Japan’s Abe rules out intervention as yen sits at 17-month high
Japanese Prime Minister Shinzo Abe has ruled out intervening in currency markets to halt a surge in the yen, despite the unit sitting near a year-and-a-half high against the dollar Wednesday.
Huge volatility on equity markets driven by worries about the slowdown in global growth have sent traders scurrying for the Japanese unit, which is considered a safe bet in times of turmoil.
The currency’s turnaround is bad news for the profitability of Japanese exporters and Tokyo’s broader attempts kickstart the world’s number three economy.
But, in an interview with the Wall Street Journal, Abe ruled out stepping into foreign exchange markets to reverse the yen’s rise.
“Whatever the circumstances, we must definitely avoid competitive devaluation, and I think we should refrain from arbitrary intervention in currency markets,” Abe said in response to questions about the yen’s recent advance.
His remarks supported the unit, which on Tuesday briefly broke the 110 level against the dollar for the first time in 17 months, erasing most of its losses since the Bank of Japan expanded its monetary stimulus programme in October 2014.
The stimulus is a key plank of Abe’s programme, dubbed Abenomics, to resuscitate Japan’s economy.
In Tokyo afternoon trading, the yen sat at 110.38 against the greenback, compared with 110.28 yen on Tuesday in New York, where it fell below 110 yen. The dollar has tumbled from more than 114 yen since the start of the year, when world markets were hammered by worries over global growth.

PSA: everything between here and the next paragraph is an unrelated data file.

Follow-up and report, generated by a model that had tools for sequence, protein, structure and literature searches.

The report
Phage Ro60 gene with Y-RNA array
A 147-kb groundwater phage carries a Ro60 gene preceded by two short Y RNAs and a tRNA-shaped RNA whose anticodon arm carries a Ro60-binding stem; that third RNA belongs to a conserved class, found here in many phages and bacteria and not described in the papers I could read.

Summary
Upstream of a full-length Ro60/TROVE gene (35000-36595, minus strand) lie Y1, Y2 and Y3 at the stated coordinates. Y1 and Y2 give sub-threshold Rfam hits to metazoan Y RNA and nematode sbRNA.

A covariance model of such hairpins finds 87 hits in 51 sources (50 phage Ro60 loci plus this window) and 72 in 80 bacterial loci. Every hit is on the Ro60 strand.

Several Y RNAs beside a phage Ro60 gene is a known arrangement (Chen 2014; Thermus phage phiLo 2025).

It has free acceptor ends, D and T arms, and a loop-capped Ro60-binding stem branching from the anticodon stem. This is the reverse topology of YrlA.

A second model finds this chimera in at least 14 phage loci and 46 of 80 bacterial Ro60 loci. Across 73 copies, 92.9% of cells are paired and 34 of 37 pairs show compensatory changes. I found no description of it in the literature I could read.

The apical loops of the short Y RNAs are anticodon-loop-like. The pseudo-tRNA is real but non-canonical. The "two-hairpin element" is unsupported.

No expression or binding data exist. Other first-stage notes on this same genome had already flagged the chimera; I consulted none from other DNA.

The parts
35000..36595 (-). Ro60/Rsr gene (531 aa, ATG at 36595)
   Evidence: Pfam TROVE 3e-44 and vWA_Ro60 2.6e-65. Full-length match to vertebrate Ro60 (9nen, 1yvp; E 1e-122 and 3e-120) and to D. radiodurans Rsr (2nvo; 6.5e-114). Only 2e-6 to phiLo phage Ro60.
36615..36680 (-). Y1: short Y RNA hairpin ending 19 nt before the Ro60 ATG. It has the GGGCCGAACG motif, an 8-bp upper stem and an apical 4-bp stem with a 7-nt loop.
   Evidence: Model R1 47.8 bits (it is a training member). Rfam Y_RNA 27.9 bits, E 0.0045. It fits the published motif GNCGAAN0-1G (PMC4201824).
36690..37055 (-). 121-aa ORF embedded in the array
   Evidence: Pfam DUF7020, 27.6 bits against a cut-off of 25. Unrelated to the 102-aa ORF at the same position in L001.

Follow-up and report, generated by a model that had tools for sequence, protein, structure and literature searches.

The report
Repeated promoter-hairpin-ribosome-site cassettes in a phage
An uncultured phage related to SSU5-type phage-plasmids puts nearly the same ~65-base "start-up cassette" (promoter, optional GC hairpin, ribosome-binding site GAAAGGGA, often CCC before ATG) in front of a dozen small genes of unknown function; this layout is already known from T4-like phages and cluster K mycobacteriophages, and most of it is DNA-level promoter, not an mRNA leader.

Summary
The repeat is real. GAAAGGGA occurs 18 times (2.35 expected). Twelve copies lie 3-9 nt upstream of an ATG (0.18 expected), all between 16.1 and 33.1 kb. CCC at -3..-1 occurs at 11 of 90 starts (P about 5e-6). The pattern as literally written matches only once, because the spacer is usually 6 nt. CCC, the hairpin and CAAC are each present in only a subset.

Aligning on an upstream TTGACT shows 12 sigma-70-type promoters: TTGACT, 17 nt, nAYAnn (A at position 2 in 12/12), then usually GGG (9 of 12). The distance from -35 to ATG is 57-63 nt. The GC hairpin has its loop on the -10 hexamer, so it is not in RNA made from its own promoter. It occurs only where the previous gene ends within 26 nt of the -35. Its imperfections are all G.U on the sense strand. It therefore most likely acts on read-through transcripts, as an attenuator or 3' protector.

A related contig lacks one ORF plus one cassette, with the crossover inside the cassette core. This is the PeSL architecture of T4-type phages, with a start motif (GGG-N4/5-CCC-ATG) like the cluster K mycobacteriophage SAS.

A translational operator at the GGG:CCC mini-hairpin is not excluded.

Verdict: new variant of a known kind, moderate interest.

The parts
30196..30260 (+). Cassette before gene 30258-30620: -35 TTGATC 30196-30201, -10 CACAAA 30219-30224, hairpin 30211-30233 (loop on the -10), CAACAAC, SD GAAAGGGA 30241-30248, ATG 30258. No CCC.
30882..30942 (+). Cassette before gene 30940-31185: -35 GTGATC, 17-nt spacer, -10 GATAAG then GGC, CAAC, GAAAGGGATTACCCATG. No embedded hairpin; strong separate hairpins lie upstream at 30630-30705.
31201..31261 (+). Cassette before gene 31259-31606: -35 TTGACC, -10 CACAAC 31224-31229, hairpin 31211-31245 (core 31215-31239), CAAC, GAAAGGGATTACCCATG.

The euro slipped to 125.46 yen Wednesday from 125.55 yen and $1.1368 from $1.1384.
“Recent market moves add to the growing sense that BoJ Governor Haruhiko Kuroda’s easing programme and Abenomics have both run out of options,” Yasunari Ueno, chief market economist at Mizuho Securities, said in a commentary.
“The problem for Japan is that neither the government nor the BoJ appear to have a magic bullet that would halt the yen’s rise.”
There is growing speculation that the central bank will be forced to unleash more stimulus after its meeting later this month in an increasingly desperate bid to halt a downturn in the economy.
“But unless something radical is done… it’s hard to see a further nudge down in interest rates or more asset purchases doing much to reverse the (yen strengthening) trend,” said Jason Wong, a currency strategist at Bank of New Zealand.
In other trading, higher-risk emerging currencies ticked higher. The oil-linked Malaysian ringgit rose 0.33 percent against the dollar as crude prices rallied, while the South Korean won added 0.1 percent. The Singapore dollar and Thai baht also booked healthy gains.